Three men have been arrested and charged with the kidnappings. Police say two other suspects, Justin Rivera and Rainier Santos, are still at large and should not be approached by the public.
"They are considered to be very dangerous," said police spokeswoman Const. Shelly Glover.
The kidnapping happened on Friday night after a "brawl" by two rival gangs at a Logan Avenue restaurant, said Glover.
She said Chi Kien Dao, 21, and Hue Troung, 20, were taken by the competing gang.
Friends of the victims only contacted police when the abductors demanded a large sum of money as ransom.
Police wouldn't say how much or whether it was paid.
However, Glover said officers found the two victims in the northwest corner of the city late Sunday night.
The men were beaten and suffered numerous injuries. Both are in hospital and listed in stable condition.
Glover said members of the gang unit and patrol officers have been working around the clock on the case.
"It's been a very difficult investigation because of the nature of the two factions involved," Glover said, adding that they have not been co-operative.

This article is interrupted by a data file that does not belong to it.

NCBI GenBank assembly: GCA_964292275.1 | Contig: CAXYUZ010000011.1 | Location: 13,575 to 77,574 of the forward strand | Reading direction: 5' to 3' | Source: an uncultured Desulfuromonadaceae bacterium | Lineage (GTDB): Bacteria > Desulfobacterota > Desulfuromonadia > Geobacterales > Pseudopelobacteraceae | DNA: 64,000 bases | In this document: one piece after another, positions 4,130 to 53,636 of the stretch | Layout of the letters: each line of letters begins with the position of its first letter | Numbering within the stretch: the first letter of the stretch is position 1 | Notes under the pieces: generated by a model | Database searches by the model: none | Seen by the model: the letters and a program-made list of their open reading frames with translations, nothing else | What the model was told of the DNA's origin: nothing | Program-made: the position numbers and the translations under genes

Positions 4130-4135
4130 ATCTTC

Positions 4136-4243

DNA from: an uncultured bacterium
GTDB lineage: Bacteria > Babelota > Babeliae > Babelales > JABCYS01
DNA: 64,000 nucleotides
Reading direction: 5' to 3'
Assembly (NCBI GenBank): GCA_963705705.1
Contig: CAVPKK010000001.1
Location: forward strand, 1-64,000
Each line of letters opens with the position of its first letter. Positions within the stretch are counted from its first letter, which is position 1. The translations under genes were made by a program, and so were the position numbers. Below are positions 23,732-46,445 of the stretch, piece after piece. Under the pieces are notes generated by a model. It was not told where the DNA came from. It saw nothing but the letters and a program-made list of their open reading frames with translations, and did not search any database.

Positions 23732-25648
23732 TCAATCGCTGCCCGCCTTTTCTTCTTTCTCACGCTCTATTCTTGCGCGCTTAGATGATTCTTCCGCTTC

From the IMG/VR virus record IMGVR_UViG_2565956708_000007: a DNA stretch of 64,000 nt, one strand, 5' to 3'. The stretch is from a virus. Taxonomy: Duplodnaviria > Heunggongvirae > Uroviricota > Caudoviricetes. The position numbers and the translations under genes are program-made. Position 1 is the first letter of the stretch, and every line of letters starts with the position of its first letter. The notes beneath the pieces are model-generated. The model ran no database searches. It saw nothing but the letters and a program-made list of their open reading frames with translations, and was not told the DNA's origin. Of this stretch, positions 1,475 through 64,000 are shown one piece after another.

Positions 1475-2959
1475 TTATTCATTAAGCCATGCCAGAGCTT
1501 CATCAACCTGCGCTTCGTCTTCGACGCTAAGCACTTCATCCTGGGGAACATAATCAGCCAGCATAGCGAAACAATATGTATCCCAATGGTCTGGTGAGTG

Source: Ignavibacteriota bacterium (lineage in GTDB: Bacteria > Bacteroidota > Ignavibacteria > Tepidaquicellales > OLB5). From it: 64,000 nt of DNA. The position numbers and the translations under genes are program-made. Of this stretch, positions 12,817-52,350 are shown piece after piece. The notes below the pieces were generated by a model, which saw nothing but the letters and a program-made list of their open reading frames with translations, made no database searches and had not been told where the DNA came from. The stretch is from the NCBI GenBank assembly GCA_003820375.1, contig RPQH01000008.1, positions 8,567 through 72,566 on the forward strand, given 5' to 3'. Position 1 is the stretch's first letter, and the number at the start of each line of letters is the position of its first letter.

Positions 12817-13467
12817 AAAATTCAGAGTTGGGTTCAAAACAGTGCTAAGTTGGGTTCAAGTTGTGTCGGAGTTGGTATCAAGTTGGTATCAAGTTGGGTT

Warrants have been issued for the two suspects still at large.
Rivera is 24, 5-9 and weighs 205 lbs. He has short black hair, brown eyes, and a a pock marked complexion.
He has tattoos on his left forearm of the letter J and some Asian symbols.
Rivera was convicted earlier this year in a gang-related drive-by shooting that narrowly missed the intended target.
The intended victim was standing on the front steps of his Sherburn Street home when he was confronted by rival gang members inside a black Yukon SUV.
Seven bullets were fired, all of them missing the man and spraying the house.
Santos, 28, is 5-11 and 187 lbs. with short black hair and brown eyes.
The three men charged this weekend in connection with the incident are Viet Chung, 30, Peter Chung, 32 and Koachay Thongsakhom, 26.
They are all charged with two counts of kidnapping and aggravated assault.
Glover said there's been an increase in Asian gang-related offences over the past year.
Over 70 hydroponic marijuana grow operations have been found in Manitoba this year and it's believed that many of those operations are linked to an Asian-based organize crime network.
Police Chief Jack Ewatski said earlier the rise in grow-houses backed by Asian gangs was straining police resources.
The city police formed an Asian gang organized crime unit earlier this year that has been working with RCMP and Immigration Canada officials to try and identify the gangs' connections and how they managed to get into Canada and stay here.